Does MonolithSoft deliver another hit extending the GameCube's life, or is it a quick cash-in during the system's dying days?
That the GameCube should get another full length RPG, when the system appears to be on its last legs, desperately holding on for the release of The Legend of Zelda, seems a rather odd idea. It's especially odd that the RPG should be a full-length prequel to Baten Kaitos: Eternal Wings and the Lost Ocean
from Namco and MonolithSoft, considering how poorly the first game sold. However, here it is, and many people have been wondering whether Baten Kaitos II would live up to the legacy of the first title, which proved the developer of being capable of creating a quality title that has no relation to bad sci-fi space opera.
Like many Japanese RPGs, Baten Kaitos II suffers from the dreaded alphabet known as â€œKanji". Due to this language barrier, it is recommended that people who cannot read Japanese fluently wait for the English release, which will be handled by Nintendo of America and will see a ship date of sometime this summer. If, however, you are a brave and hardy soul and do not fear the perils of untranslated software, consider importing the title from our partners at Lik-Sang. (Until the end of May, you can use the coupon code LS-7DA093455B to get $5 off most orders of at least $40.)
As in the first Baten Kaitos title, you play the role of spiritual advisor to a young man named Sagi. He's a new recruit in the Alfard army, and to his surprise (not to mention yours) his first mission is to successfully assassinate the current emperor. Not exactly the kind of thing Sagi pictured himself doing as a soldier. As the story progresses, Sagi will be exploring many areas you've seen in the original Baten Kaitos and players will definitely be able to connect the dots between the two titles. Cameos abound, and fans will be delighted to learn that quite a few extremely influential characters from Baten Kaitos will play major roles in Sagi's adventure.
Since the game takes place a full two decades before the events in Baten Kaitos, it would be expected that many locations such as towns would share a similar look. Indeed, many of the cities in Baten Kaitos II use the same backgrounds from the earlier title, often touched up. This is not to say that Baten Kaitos II recycles everything from its forebear; all of the dungeons have been rethought, and while the general layout of an area (such as the Lesser Celestial River) may be the same as its future counterpart, there are more differences than similarities. One of the most noticeable improvements in Baten Kaitos II is in the character models and animations. Characters are much more detailed than in the previous game, with vastly improved modeling and texturing. Probably the largest gains came in battle animations. Sagi and friends rip through enemies with style and verve, showing off flashy ending moves and moving at breakneck speed. Enemies and NPCs also benefit from a visual upgrade, though overworld animations still suffer from some awkward movements. Still, even with these many gains in the visual field, Baten Kaitos II simply cannot compare to other pre-rendered titles like the Resident Evil remake, let alone real-time graphical endeavours such as Resident Evil 4.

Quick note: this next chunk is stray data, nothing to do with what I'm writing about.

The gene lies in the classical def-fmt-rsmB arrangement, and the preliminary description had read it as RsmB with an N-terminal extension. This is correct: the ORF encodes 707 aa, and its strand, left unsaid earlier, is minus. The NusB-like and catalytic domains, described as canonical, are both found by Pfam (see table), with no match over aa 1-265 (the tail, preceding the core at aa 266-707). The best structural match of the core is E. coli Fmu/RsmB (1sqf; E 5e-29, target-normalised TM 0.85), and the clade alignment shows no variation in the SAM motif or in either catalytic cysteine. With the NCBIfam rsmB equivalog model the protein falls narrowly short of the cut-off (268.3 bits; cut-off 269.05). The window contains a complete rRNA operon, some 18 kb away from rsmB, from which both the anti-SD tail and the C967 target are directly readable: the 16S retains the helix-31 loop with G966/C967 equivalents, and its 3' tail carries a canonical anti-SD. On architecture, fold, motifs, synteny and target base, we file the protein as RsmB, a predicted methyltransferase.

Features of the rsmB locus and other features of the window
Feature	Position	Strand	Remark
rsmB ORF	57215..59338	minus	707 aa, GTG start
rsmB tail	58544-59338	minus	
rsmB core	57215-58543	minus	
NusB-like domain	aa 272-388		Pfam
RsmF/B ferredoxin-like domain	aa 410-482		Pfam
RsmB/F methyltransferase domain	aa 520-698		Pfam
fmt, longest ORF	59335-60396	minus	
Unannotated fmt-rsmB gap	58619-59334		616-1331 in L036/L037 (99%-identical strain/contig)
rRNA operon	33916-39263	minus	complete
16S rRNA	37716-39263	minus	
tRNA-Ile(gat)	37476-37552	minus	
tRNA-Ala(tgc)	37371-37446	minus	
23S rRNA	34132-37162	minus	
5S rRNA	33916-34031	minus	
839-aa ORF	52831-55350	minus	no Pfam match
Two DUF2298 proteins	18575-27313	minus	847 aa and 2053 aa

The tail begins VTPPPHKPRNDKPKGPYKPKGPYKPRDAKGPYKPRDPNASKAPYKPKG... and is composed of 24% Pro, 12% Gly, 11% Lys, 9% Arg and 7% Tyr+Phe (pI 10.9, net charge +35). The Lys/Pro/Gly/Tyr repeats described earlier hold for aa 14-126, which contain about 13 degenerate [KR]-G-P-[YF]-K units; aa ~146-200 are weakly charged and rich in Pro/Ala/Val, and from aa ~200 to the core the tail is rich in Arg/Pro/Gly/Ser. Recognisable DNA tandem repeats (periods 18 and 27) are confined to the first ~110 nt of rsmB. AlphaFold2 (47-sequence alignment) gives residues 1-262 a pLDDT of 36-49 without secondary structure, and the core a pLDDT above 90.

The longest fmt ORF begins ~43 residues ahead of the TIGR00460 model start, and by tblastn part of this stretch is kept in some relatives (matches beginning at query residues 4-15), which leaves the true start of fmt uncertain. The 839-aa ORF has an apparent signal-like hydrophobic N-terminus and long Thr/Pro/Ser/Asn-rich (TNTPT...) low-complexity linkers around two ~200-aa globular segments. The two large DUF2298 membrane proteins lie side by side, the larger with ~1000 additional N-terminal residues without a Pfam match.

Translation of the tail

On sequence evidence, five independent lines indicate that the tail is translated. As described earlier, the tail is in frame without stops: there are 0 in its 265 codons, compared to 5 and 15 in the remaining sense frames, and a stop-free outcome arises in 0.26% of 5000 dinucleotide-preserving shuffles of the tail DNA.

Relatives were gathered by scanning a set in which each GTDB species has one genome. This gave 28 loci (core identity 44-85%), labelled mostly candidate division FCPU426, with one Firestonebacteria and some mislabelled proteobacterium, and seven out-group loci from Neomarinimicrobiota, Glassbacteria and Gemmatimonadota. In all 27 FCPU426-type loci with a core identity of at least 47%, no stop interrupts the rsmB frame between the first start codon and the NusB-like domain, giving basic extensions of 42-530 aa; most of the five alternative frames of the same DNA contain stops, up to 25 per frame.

For those who have played the original Baten Kaitos, one of the first things they will think of is the incredible soundtrack and either sparse voice acting (if they own the Japanese version) or absolutely terrible voice acting (if they own the English version). By some stroke of good fortune, Motoi Sakuraba has returned to work his magic for the soundtrack of Baten Kaitos II. And magic, it certainly is. It might be easy to name off superlatives to equate how fantastic this soundtrack really is, but it does not to the game justice. Just as with the previous game, the music of Baten Kaitos II is phenomenal. From the surreal and delicate Le Ali Del Principio (sung, no less than by the composer's daughter herself; Mio Sakuraba), to the wicked funk of Chaotic Dance 2, gamers will be enthralled by the aural treats coming from their speakers. Voice acting, instead of being allocated to only a few sparse scenes, now graces every cutscene in the game. All of the characterizations are excellent, of which special mention must be made for Guillo. It is Sagi's robotic friend and has two voice actors, male and female, reading its lines simultaneously, which creates a unique effect. Speaking of which, players who happen to have a surround setup will be thrilled to know that Baten Kaitos II fully utilizes Dolby Pro Logic II, just as the previous title, and to great effect.
Baten Kaitos featured one of the most experimental and inconsistent battle systems to grace any RPG. Using battle magnus to defeat the enemy by complimenting elemental and physical damage, some battles were extremely difficult and drawn out if you drew the â€œwrong" cards: either opposing elements or too many defensive items. In fact, some battles could take in excess of an hour to complete. In an effort to rectify this problem, Baten Kaitos has completely reinvented its battle system, in a way that will probably disappoint existing fans. Simply put, the battle system has been simplified. Instead of intricate deck building and strategic moves, Baten Kaitos II feels more in line with typical Final Fantasy fare than the genius of the original. This isn't to say that everything is bad; the battle system is fast, furious and still quite fun.